Update: I feel more than a little stupid about this one. The post below is rather out of context, so I'll fill in some detail. Basically, I was offered a job in Amsterdam a couple of years ago. I accepted and moved over there and wound up returning to the US later after discovering that, amongst other things, I was not hired legally. The story is an email that I sent to my friends in the US after a frustrating day trying to pick up my brother from the airport.
Welcome to Volume 13 of "Ovid has a brain cramp and moves to Amsterdam". Don't bother searching through your Inbox for the previous 12 volumes; I was too lazy to write 'em.
Anyone who knows me knows that I hate to be late and I hate it when others are late. I'm not saying that it irritates me. I'm saying that it causes a distress that borders on the pathological. If I'm even two minutes late for something I feel guilty. If someone else is late meeting me, even if it's only five minutes, I start panicking, looking at my watch every 15 seconds and wondering if I should call the hospitals. I realize that this isn't rational, it's just the way I am.
That being said, perhaps you can imagine the personal level of distress that I faced when I realized I was going to be late picking my brother up at the airport. Naturally, I arrived at Centraal Station in downtown Amsterdam early enough so that I could be at the airport a full hour before he was scheduled to arrive. Why? Because, in case you missed it, I hate to be late. Of course, this is the week that train workers here decided to go on strike. I have one and a half hours to figure out what to do, but the panic is already gnawing at the edge of my brain.
Turns out that the next train for Schipol, the Amsterdam airport, leaves about 25 minutes before I'm supposed to meet my brother. Given that it takes 20 minutes to reach the airport and I'll have to run to meet him, I should arrive just as he's clearing customs (he's an E.U. citizen and customs, for him, is pretty much a conveyor belt straight past the guard while vaguely waving his passport in the guard's general direction). The timing's a little tight, but remember, I feel guilty if I'm even two minutes late. I am not a happy person at this point.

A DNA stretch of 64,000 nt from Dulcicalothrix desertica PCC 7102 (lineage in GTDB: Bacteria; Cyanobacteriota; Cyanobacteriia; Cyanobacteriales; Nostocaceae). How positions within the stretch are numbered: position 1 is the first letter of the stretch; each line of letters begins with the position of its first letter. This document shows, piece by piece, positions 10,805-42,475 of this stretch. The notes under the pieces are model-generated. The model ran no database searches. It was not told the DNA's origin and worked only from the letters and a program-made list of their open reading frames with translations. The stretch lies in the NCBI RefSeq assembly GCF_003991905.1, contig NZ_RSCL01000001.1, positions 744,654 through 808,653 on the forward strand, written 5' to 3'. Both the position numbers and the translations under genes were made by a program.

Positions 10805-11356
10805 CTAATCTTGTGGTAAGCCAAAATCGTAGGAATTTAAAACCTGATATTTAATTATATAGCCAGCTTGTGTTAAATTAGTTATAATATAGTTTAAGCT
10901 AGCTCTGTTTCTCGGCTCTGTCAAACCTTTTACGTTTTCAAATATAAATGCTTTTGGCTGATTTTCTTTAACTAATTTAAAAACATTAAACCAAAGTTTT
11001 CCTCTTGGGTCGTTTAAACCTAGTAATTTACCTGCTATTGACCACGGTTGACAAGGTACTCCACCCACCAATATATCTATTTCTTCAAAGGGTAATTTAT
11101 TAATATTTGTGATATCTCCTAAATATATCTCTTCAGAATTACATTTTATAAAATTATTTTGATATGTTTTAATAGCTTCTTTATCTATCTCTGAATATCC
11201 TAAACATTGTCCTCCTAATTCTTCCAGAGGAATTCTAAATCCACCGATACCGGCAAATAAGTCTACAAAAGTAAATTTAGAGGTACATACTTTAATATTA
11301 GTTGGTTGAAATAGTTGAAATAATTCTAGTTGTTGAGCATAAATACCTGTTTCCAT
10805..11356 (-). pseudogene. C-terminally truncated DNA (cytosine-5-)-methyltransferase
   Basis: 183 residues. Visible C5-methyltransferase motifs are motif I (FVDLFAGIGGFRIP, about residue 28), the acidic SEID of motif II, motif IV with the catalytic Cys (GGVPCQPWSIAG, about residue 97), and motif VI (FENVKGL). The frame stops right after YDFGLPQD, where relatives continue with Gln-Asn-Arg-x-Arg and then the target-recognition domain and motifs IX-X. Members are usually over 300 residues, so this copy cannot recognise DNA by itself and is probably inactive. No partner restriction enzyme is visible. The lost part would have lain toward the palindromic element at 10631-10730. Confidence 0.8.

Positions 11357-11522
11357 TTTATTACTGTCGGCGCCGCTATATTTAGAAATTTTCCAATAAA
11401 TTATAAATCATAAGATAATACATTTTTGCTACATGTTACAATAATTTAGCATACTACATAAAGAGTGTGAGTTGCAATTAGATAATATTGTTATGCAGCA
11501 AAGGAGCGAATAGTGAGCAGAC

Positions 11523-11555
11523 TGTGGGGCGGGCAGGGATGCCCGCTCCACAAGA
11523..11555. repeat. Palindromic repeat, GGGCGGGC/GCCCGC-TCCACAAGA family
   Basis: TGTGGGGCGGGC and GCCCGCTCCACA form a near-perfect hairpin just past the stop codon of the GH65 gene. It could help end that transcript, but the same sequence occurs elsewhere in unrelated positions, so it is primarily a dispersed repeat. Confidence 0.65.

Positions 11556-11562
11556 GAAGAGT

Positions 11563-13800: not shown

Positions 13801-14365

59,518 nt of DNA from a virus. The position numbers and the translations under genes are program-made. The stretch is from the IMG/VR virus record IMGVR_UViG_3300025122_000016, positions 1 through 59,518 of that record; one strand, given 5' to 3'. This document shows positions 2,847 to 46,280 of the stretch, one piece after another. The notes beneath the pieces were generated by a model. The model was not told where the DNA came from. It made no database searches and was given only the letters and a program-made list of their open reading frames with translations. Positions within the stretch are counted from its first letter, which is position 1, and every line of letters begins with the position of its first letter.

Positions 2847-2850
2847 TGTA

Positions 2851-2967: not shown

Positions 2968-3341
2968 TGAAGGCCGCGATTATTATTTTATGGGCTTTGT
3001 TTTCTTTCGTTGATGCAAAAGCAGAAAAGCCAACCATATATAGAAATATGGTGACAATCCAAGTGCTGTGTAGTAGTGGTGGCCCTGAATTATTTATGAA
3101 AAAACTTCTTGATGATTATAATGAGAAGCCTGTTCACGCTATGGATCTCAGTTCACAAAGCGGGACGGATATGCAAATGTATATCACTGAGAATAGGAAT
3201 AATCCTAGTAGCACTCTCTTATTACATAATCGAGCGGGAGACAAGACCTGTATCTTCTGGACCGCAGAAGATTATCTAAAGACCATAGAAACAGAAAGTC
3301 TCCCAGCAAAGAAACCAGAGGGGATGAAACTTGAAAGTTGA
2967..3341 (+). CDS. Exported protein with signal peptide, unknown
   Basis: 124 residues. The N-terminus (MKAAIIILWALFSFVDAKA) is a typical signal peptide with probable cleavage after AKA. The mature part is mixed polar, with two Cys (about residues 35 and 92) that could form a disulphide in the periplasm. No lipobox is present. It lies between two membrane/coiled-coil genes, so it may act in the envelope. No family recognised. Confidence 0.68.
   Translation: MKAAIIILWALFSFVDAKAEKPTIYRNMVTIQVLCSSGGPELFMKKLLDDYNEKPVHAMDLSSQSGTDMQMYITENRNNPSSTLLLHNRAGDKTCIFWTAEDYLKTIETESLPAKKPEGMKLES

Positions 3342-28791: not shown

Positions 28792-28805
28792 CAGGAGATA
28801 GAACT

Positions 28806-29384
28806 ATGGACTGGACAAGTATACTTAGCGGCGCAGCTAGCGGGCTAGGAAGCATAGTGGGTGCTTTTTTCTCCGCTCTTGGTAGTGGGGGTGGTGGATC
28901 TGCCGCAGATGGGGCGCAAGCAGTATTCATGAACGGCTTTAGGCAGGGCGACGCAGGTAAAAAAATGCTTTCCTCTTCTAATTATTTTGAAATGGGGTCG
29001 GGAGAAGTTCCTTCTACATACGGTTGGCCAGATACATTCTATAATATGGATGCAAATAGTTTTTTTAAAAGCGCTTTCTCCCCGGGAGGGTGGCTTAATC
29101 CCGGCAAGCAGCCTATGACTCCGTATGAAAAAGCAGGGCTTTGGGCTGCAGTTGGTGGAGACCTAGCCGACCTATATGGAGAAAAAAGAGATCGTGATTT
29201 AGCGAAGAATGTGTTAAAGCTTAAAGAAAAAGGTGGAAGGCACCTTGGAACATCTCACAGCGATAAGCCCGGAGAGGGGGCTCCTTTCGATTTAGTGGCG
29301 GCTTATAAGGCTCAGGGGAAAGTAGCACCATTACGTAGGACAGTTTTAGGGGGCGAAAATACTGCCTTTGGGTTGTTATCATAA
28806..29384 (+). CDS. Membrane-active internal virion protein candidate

So there I am, sitting at the train station watching hordes of tourists with their bags screaming at the train workers because they're going to miss their flight. I'm trying to figure out what's up with that. They're screaming at the train workers who didn't strike. Wrong target, dummy.
So I'm looking around at the tourists hyperventilating in unison and the kids are desperately smoking the last of their marijuana because returning home is dying and they can't take it with them and the train station is becoming more and more packed. This is NOT going to be a fun train ride.
About 10 minutes before my train is due, a train to Den Haag (The Hague) arrives at the platform. Several people jump on and then jump back off once it kicks in that Den Haag does not equal Schipol.
The train leaves. I wait. I read. I smoke cigarettes. I keep checking my watch. The train to Schipol is now ten minutes late. My brother's going to land in a foreign country with no one there to meet him. This is not good.